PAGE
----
Age 8 and younger
Sylvia Yarnell, Middle Tennessee Electric
Made just for you and me.
See the flowers big and bright
And the fireflies fly at night.
It’s getting late, in your bed you lie
Looking out the window, at the sky.
Wake up in the morning, say “Yippee”,
Another day in Tennessee!
Bubbles and Bears
Audrey Cook, Cumberland EMC
I was blowing bubbles one fateful day,
But then I saw it, big and round,
A bear, a bear, right on the ground!
I blew some bubbles right at its fur,
But then I saw a big, big door!
I started running over there,
But then I saw people everywhere.
I tried to get through, but what did I see?
The bear was falling dead right at my feet!
“Oh, what a bear!” said the crowd as it
hit the ground.
“Back to bubbles,” I said with a frown.
I blew and blew till they hit the ground.
Maidens of the Seasons
Megan DiCello, Southwest Tennessee EMC
As the Lady of Winter blows her last kiss,
The green spring grass sparkles with
frost from her icy lips,
But the Princess of Spring melts the
snow with her bare dancing feet,
And seedlings raise their heads as the air
grows warm and sweet.
Winter’s now gone defeated, she lies
only in snowy mountain tops,
Spring is leaping into full bloom, but
this is not where change stops,
The Queen of Summer lies on the
horizon, readying her veil of heat
But for now Spring’s rains reign, with
her life giving May showers.
The Melody Of The Valley
David Smith, Fayetteville Public Utilities
Dancing branches at the tippy-top of
trees singing the brisk sound of spring
breezes. Deep in the earth a new seed
splits open with the subtlest sound and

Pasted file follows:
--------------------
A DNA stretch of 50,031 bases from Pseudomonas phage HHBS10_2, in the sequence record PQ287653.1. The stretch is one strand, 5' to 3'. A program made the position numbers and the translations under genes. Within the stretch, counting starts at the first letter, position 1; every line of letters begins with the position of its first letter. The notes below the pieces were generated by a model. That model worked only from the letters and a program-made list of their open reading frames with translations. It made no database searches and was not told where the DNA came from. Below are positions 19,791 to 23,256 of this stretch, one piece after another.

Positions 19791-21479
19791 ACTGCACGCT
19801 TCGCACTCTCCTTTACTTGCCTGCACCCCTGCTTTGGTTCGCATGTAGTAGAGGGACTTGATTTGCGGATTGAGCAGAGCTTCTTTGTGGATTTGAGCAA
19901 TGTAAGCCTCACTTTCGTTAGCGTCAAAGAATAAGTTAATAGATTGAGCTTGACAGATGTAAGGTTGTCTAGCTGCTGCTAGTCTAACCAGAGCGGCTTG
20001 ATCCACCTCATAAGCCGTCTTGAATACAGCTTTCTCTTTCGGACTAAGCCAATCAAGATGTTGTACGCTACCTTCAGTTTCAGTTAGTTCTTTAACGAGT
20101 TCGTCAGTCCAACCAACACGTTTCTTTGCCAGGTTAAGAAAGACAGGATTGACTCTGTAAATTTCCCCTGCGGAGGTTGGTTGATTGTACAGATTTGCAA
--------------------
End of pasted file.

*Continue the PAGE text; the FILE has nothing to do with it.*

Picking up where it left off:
from its shell a new root squeezes. Frogs
and crickets make up for the
winter silence with lively sonnets only
God could script. Majestic bears shout
thier roaring presence after rising out of
thier winter Crypts. Proudly every creature
adds to the musical piece, as though
it’s an honor to live this new year.
And with gentle voices every bird, fish,
and tree call to each other to say they
John Lewis, the Representative who Marched
Rae Ellyn Kelley, Middle Tennessee Electric
This crusader we honor today
with diplomat ‘John Lewis Way.’
Lewis studied in Nashville, you see.
Learned how to protest like M. L. King.
Sit-ins, arrests, and beatings intense,
Freedom Rides, testy experience.
In ’65, he sought to manage,
a peaceful pass of Selma’s arch bridge.
But two minutes into their attempt
‘possemen’ clubbed folks, tear-gassed,
John, skull fractured that ‘Bloody Sunday,’
made his appeal to Prez L.B.J.
Broadcasts on TV brought attention,
heralding a new recognition.
Fewer than six months later, in fact,
Johnson decreed the Voting Rights Act.
Age 65 and older
Barbara Williams, Cumberland EMC
In steady rotation
We watched every sunrise.
The tundra blanket protected bulbs
Their yolks wriggled through chilled
Poking out emerald, then golden cups
Deeply breathing crisp air.
Moist, heavy heat dried Spring
Turned tree lines into jungles
hiding cicadas screaming in cacophony.
Dehydrating brightness dimmed to
Porch evenings sipping tart coolers
We awaited frost.
Then mornings, evenings —
With zephyrs calming the heat, brought
On thinning foliage —
red, orange, yellow —
As summer’s dahlias eased the passage’s
Spring held no warning
of winter’s cruelty, ice,
Leaving us huddling, waiting, hoping.